Focusing on mental wellbeing can deliver health benefits across a person’s whole life.
A new resource from Public Health England’s (PHE) Mental Health Intelligence Network highlights the importance of local organisations measuring and acting to improve the mental wellbeing of children and young people.
Measuring mental wellbeing in children and young people shows that raising levels of mental wellbeing influences a child’s ability to learn, their resilience to risky behaviours and their physical and mental health in adulthood. Half of all mental health problems emerge before the age of 14 and 1 in 10 children will have a clinically diagnosed mental health problem during their childhood.
PHE’s resource is designed to help local organisations decide how to best gauge the mental wellbeing of children and young people in their areas. It also helps to identify local opportunities to enhance wellbeing, including through community or physical activities, as well as factors that may have a negative impact, such as high crime rates and family breakdown.
Professor Brian Ferguson, Chief Economist and Head of Health Intelligence Networks, PHE:
We know that positive mental wellbeing has an enormous impact on children and young people and is an essential part of their ability to develop, flourish and lead rich fulfilling lives.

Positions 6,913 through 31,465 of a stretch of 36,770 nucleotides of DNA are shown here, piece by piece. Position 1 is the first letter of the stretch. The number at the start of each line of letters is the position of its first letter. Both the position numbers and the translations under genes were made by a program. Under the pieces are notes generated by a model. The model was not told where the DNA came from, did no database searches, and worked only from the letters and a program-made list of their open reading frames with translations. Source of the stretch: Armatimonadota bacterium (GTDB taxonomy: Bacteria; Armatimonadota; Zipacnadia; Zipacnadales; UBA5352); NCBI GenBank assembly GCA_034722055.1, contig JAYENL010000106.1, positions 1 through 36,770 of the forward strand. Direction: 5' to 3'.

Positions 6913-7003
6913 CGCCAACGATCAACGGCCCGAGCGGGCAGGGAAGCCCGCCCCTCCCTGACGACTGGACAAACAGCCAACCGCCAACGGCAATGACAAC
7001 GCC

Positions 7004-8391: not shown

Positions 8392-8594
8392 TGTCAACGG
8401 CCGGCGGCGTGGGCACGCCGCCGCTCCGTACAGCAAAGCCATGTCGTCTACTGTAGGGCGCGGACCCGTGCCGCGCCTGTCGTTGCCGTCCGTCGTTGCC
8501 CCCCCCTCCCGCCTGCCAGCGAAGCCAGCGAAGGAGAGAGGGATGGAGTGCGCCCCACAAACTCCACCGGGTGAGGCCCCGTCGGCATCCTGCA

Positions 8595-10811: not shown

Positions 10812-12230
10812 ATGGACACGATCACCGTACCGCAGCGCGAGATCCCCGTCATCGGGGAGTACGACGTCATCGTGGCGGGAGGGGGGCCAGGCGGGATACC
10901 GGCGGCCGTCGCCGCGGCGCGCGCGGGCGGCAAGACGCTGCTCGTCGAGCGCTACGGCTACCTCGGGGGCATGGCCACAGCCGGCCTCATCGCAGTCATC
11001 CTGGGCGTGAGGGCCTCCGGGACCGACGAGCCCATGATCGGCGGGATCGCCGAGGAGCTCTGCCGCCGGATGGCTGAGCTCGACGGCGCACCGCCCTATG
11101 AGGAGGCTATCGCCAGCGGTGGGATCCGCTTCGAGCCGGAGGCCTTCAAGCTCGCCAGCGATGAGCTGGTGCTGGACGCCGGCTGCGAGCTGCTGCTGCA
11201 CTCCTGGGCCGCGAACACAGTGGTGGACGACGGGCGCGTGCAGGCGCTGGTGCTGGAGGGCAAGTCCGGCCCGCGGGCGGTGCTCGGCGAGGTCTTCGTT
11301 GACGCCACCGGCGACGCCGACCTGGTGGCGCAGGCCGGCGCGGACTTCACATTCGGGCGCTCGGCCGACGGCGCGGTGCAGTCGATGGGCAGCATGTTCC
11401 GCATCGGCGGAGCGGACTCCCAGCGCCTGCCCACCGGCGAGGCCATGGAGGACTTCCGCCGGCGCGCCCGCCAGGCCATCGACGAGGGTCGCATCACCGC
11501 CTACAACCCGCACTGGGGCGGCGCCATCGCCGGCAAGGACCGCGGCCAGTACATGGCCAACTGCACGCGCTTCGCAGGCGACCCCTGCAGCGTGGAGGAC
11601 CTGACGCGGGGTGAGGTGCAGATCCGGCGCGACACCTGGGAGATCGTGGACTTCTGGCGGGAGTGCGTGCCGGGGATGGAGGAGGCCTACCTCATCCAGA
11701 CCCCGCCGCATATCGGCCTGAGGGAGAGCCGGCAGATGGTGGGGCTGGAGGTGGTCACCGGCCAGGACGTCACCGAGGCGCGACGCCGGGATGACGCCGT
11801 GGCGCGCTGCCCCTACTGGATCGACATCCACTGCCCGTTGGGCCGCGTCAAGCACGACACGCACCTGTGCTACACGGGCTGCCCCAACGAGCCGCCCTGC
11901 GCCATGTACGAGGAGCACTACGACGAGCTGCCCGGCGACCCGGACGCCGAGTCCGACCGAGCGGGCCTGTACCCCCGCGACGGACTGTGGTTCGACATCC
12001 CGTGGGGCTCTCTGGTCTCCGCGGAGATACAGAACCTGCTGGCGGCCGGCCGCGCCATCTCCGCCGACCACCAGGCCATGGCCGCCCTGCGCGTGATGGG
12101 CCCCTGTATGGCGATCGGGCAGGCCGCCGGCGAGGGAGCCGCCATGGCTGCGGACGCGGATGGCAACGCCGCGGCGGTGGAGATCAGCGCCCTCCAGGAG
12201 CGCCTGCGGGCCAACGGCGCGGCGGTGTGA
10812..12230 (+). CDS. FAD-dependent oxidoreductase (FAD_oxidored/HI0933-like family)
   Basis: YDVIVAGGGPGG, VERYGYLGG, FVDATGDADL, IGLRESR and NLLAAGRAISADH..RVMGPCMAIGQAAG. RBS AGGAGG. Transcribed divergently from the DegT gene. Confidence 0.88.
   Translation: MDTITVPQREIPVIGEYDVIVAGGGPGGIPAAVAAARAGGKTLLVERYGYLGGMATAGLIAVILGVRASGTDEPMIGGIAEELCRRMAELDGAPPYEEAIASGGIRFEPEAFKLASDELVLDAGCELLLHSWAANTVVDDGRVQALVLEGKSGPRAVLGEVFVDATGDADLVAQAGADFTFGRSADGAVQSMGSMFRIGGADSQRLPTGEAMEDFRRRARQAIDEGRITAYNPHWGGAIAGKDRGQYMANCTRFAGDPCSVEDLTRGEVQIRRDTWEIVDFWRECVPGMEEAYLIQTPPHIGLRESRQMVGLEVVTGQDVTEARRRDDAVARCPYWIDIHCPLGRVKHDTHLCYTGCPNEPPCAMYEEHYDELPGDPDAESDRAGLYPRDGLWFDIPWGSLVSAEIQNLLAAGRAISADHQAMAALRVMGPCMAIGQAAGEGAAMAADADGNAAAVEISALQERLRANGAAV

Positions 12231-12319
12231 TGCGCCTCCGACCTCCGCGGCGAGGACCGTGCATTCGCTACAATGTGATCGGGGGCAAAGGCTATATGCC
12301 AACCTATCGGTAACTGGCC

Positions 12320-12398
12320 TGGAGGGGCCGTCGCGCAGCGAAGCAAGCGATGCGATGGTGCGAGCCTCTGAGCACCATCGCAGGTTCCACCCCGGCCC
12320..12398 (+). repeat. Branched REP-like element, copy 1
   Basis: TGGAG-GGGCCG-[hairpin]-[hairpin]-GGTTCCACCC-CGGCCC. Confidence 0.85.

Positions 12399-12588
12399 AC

But, in order to intervene effectively, local organisations need an accurate picture of the situation in their area. Our resource outlines the best means by which they can do this. Ultimately better data means better understanding and better decisions for policy and practice.
Mental wellbeing is a measure of people’s emotions as well as their ability to function as individuals and as members of society, often defined as ‘feeling good and functioning well’. Mental wellbeing widely affects individuals, their quality of life and wider society - with research showing that high levels of mental wellbeing are associated with improved recovery from illness and reductions in premature mortality.
Published: 2 October 2015
From: Public Health England